Electromagnetic spectrum & sc.7.p.10.3

Report
SC.7.P.10.1 – ELECTROMAGNETIC SPECTRUM
&
SC.7.P.10.3 – LIGHT REFRACTION
Mrs. Korsun
ELECTROMAGNETIC
WAVES
• An electromagnetic wave is a disturbance that involves the
transfer of electric and magnetic energy.
• An electromagnetic wave is made up of vibrating electric and
magnetic fields that move through space or some medium at the
speed of light.
• EM Waves are measured by frequency or wavelength
• The light waves we see are EM waves.
ELECTROMAGNETIC
SPECTRUM
• The energy that electromagnetic waves transfer through matter or
space is called electromagnetic radiation.
• The sun’s energy arrives on Earth as electromagnetic radiation.
• All electromagnetic waves travel at the same speed in a vacuum, but
they have different wavelengths and different frequencies.
• The electromagnetic spectrum is the complete range of
electromagnetic waves placed in order or increasing frequency.
ELECTROMAGNETIC
SPECTRUM
• Radio-used in broadcasting to carry signals for radio programs.
• Microwaves- have shorter wavelengths and higher frequencies than radio waves do.
• E.g. Microwave ovens are used to heat food
• Infrared – invisible heat you feel (e.g .warming by a campfire)
• Visible- Electromagnetic waves you see.
• Ultraviolet- these rays have higher frequencies than visible light, so they carry more energy.
• Ultraviolet rays can damage or kill living cells.
• E.g. Too much exposure to ultraviolet rays can burn your skin and over time cause skin cancer.
• Small doses of ultraviolet rays are useful; for instance, they cause cells to produce vitamin D.
• X-Rays- carry more energy than ultraviolet rays and can penetrate through most matter.
• Dense matter, such as bone or lead, absorbs X-rays so they can pass through.
• Thus, X-rays are used to make images of bones and teeth
• Too make exposure to x-rays can cause cancer.
• Gamma Rays- have the greatest amount of energy; the most penetrating of electromagnetic
waves.
HOW MUCH ENERGY DOES EM
RADIATION HAVE?
• Higher frequency means more energy!
• The energy of an EM depends on its frequency. High-frequency, shortwavelength EM waves have more energy than low-frequency, long-wavelength
waves.
• More energy means more dangerous!
FUN FACT
WHITE LIGHT….Did you know???
• Visible light that appears white is actually a mixture of many
colors.
• Light waves bend, or refract when they enter a new
medium.
• So, when white light passes through rain drops, a rainbow
can result.
SAMPLE QUESTION 11
What type of radiation represents the color spectrum
seen on Earth?
A. gamma rays
B. infrared
C. visible
D. X-ray
#39
SAMPLE QUESTION 12
When solar radiation crosses space and moves toward Earth, it
consists of many types of radiation. Together, these radiation
types are known as the electromagnetic spectrum. Which of the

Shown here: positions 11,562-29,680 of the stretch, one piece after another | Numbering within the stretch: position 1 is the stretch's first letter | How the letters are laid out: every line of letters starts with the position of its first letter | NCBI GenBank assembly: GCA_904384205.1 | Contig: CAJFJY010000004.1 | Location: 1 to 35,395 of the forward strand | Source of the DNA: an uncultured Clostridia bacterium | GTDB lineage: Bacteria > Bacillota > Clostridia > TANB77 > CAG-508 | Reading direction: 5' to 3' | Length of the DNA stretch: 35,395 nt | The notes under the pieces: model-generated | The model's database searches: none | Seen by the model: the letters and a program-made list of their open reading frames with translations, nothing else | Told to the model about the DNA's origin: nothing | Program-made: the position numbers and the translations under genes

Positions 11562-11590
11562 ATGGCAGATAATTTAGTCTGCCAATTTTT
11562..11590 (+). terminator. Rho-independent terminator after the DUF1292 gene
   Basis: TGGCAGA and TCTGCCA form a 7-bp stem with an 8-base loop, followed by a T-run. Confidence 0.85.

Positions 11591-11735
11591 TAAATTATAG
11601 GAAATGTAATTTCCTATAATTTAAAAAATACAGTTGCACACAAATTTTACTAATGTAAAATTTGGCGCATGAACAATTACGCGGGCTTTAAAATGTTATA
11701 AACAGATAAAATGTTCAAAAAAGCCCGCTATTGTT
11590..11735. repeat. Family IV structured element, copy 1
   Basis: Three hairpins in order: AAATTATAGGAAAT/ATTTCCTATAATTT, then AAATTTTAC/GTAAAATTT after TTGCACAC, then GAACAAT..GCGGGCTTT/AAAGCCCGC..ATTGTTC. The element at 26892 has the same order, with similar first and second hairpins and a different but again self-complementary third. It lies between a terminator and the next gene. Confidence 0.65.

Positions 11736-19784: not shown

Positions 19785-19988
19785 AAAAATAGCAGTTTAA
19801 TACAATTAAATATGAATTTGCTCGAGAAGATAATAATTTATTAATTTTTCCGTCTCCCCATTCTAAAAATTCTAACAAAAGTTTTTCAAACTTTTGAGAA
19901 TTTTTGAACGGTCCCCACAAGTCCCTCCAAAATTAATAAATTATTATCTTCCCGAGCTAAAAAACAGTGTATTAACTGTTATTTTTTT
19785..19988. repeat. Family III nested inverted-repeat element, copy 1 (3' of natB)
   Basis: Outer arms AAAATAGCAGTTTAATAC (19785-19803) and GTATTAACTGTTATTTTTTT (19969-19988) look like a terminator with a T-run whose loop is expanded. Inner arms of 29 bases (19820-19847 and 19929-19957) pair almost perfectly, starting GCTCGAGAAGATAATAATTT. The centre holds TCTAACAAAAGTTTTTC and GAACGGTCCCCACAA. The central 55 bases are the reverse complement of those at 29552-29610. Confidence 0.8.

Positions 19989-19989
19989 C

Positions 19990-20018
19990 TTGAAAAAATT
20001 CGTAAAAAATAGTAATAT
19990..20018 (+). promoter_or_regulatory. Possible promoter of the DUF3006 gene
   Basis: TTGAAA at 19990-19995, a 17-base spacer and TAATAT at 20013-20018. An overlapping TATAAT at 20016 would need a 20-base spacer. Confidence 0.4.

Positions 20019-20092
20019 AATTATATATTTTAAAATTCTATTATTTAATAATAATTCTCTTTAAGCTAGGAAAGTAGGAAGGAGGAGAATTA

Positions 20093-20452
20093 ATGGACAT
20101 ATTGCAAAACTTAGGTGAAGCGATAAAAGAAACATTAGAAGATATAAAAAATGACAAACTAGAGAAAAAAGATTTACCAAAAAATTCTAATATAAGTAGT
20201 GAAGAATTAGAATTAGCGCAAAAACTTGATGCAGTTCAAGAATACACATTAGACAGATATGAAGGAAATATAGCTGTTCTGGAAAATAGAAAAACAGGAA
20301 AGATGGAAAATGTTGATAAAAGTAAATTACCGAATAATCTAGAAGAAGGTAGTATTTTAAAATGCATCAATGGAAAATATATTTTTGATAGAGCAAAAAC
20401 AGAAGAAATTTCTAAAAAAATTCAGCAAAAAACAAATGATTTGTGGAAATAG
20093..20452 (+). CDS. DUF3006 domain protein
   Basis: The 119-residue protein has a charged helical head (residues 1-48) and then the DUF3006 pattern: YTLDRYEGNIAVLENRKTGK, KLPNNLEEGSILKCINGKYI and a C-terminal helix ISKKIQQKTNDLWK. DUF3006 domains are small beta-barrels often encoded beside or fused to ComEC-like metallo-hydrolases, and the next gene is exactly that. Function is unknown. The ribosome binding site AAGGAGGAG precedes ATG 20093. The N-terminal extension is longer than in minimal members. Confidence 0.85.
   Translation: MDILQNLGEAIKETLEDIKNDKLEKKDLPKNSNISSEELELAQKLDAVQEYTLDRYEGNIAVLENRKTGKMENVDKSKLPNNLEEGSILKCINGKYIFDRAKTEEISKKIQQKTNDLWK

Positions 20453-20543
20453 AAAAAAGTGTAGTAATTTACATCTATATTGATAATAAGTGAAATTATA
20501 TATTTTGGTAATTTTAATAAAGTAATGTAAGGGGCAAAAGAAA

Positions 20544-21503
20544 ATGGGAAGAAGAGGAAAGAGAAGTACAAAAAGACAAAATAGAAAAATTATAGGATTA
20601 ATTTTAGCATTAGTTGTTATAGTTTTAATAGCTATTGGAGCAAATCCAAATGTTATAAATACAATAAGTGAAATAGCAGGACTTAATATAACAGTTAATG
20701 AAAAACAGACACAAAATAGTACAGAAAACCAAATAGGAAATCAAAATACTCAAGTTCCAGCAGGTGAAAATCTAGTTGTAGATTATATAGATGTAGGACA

following properties differentiates among the different types of
radiation found in the electromagnetic spectrum?
A. amplitudes
B. wavelengths
C. temperatures
D. chemical makeup
#40
INTERACTIONS OF LIGHT
• Matter can transmit light!
• When light encounters a material, it can be passed through the
material, or transmitted.
• Matter that transmits light is transparent.
• Examples are air, glass, and water.
• Translucent materials transmit light but do not let the light travel
straight through.
• The light is scattered into many different directions.
• Objects look fuzzy or distorted.
• Examples are frosted glass, lamp shades, and tissue paper
INTERACTIONS OF LIGHT
• Matter can absorb light!
• Opaque materials do not let any light pass through them. Instead, they reflect
light, absorb light, or both.
• Examples: wood, brick, metal
• When light enters a material but does not leave it, the light is absorbed.
Absorption is the transfer of light energy to matter.
INTERACTIONS OF LIGHT
• Matter can reflect light!
• You see an object only when light from the object enters your eye.
• However, most objects do not give off, or emit, light. Instead, light bounces off
the object’s surface.
• The bouncing of light off a surface is called reflection.
• Example: mirrors
WHAT DETERMINES THE COLOR OF
OBJECTS WE SEE?
• The light reflected or absorbed
• The perceived color of an object is determined by the colors of light reflected by
the object.
• A frog’s skin absorbs most colors of light, but reflects most of the green light.
WHAT HAPPENS WHEN LIGHT
WAVES INTERACT WITH MATTER?
• Light changes direction
• A straight object can look bent or broken when part of it is underwater. Light
from the object underwater can change direction when it passes from water to
glass and from glass to air.
• Refraction is the change in direction of a wave as it passes from one medium
into another at an angle.
WHAT HAPPENS WHEN LIGHT
WAVES INTERACT WITH MATTER?
• Light Scatters
• You don’t see a beam of light shining through clear air. But if the beam of light
shines though fog, some of the light is sent in many different directions. Some
enters your eye, and you see the beam.
• Scattering occurs when light is sent in may directions as it passes through a
medium.
• Dust and other small particles can scatter light.
SAMPLE QUESTION 13
While attending a baseball game of his favorite major league team,
Takahiro notices that he can see the batter hit the ball before he hears the
crack of the bat. Which of the following statements best explains why there
is a time lapse between seeing the baseball hit and hearing it?
A. Eyes react to stimuli faster than ears do
B. Light waves travel in a more direct path than sound waves.
C. Sound waves travel more slowly in the air than light waves do.
D. Sound waves from other sounds cause interference with sound
waves from the bat.
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